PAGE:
The last element of the Ridley Plan was to ensure that the miners would be isolated. This was achieved in two ways. First, by taking on and defeating other key sectors of the class. A series of defeats for the unions would, the Tories rightly reasoned, sap morale and undermine the potential for widespread solidarity action, especially if such action was now illegal under the anti-union laws. Car workers in 1979, steel workers in 1980, rail workers and civil servants in 1982 and the print unions in 1983, were all defeated. In each case, their strikes were left isolated by the leadership of the labour movement, which was shifting ever more to the right.

At the same time, the Tories started to cultivate sections of the union bureaucracy who were open to actual organised scabbing. In Frank Chapple of the electricians (and his successor Eric Hammond) and in Gavin Laird of the AUEW, they found just such allies. The Tories also began to look for allies in the NUM itself, in the “moderate” areas, that is, those that had enjoyed huge pay rises thanks to productivity deals and who had voted against national strikes in three ballots prior to 1984. In Nottinghamshire, they found them.

Only when each of these components of the Ridley Plan was in place did Thatcher give the order for the opening shot of the war against the enemy within to be fired. Indeed, she showed she was not afraid to retreat until she was ready. In 1981, a series of pit closures was announced in South Wales and in Kent. The announcements were met by rolling strikes in these areas that threatened to go national. Coal stocks were low. The police were not ready. The scabs hadn’t been organised. Thatcher ordered a tactical retreat and announced that she was intervening to keep the pits open!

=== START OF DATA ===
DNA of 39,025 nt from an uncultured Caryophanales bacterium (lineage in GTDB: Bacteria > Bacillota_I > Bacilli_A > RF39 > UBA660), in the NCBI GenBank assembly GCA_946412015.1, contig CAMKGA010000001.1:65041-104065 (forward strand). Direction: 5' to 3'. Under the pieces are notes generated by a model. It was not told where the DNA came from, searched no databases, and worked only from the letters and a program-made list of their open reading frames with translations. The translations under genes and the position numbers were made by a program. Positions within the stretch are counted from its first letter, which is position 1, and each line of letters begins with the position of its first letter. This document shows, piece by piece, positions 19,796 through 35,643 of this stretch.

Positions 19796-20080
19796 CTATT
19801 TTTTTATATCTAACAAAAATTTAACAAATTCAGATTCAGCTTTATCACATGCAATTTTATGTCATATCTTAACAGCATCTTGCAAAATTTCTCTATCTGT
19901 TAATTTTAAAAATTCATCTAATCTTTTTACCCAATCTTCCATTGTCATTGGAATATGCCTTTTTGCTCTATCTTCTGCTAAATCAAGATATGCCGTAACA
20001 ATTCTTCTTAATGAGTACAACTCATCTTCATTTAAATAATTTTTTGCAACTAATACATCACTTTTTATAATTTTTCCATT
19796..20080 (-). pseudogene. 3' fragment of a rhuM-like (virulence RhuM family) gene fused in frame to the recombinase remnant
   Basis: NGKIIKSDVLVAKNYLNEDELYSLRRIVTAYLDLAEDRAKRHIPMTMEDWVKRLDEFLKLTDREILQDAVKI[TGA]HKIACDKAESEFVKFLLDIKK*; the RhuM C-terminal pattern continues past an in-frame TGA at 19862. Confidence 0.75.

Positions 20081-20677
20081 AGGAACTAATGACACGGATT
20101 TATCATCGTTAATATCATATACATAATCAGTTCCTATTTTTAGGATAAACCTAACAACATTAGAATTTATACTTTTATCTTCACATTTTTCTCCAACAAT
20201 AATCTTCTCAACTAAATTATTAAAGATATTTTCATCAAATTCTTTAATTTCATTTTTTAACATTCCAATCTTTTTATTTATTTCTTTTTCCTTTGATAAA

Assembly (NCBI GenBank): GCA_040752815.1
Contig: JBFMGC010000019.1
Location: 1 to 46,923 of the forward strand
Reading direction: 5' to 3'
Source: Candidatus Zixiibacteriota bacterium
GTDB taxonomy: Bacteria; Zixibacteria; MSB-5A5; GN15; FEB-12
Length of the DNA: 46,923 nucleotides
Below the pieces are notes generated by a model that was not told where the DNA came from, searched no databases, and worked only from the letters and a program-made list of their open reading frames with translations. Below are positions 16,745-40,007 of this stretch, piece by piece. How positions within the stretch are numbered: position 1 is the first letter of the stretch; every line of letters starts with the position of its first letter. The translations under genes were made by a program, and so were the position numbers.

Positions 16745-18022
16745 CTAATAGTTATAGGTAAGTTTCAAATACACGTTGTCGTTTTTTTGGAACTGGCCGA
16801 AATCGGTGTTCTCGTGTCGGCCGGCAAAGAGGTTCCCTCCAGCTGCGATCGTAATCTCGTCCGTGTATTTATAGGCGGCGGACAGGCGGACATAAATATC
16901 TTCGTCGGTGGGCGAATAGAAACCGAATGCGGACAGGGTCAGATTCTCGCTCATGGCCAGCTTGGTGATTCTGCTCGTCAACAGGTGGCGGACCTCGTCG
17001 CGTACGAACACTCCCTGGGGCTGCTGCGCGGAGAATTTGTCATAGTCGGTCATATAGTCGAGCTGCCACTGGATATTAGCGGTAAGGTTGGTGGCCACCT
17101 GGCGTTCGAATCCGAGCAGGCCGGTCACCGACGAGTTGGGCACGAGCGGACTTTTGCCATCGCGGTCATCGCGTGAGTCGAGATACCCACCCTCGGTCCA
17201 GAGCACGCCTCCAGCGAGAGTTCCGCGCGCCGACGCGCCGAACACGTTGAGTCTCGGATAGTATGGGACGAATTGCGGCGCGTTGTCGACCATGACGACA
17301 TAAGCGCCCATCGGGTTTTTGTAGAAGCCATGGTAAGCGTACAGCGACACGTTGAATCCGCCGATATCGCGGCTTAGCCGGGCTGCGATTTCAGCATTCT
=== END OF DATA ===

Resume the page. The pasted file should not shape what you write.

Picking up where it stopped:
By this time, Arthur Scargill, a left wing Yorkshire leader, had succeeded Joe Gormley, beating the right wing candidate hands down. Scargill had been personally responsible for organising the hugely effective flying pickets in the 1972 strike and was regarded by the entire ruling class as their public enemy number one. He made it clear that he expected there to be a fight to the death with Thatcher.

Unlike the Tories and their class, Scargill did not have the undivided backing of the labour movement. Indeed, the majority of the TUC General Council hated him. The Labour Party leaders regarded him as a dangerous liability. Nor did he himself have any equivalent of the Ridley Plan, no strategy for putting the entire labour movement on a war footing for the battle that was about to commence. Of course, he made sensible precautions to preserve union funds from the courts and launched a propaganda campaign to prepare miners for the fight that was coming and so on. But all his preparations were based on the idea that the miners, and the miners alone, could and would defeat Thatcher, bring her down and restore the glory days of 1974. The problem was, 1974 was a distant memory and, in between, many things, not least the fighting organisations in the workplaces, had changed dramatically.

So, in 1981, although Scargill could claim to have won round one, the contest had not really started as far as Thatcher was concerned. Only after her military victory over Argentina in the South Atlantic and her massive election victory in Britain in 1983, was she ready. The Ridley Plan could now be put into operation against the miners. In early 1984 The Economist magazine hinted at what was to come:

“For three years the government has been afraid of tackling its biggest industrial headache – the coal mines. Now is the time.”

The fight for a national strike

On 1 March, 1984, the Coal Board announced the closure of Cortonwood Colliery in Yorkshire. Scargill had argued that MacGregor’s plan was to launch a huge pit closure programme – beginning with 20 designated “uneconomic pits”, but going on to close down 70, with around 70,000 job losses.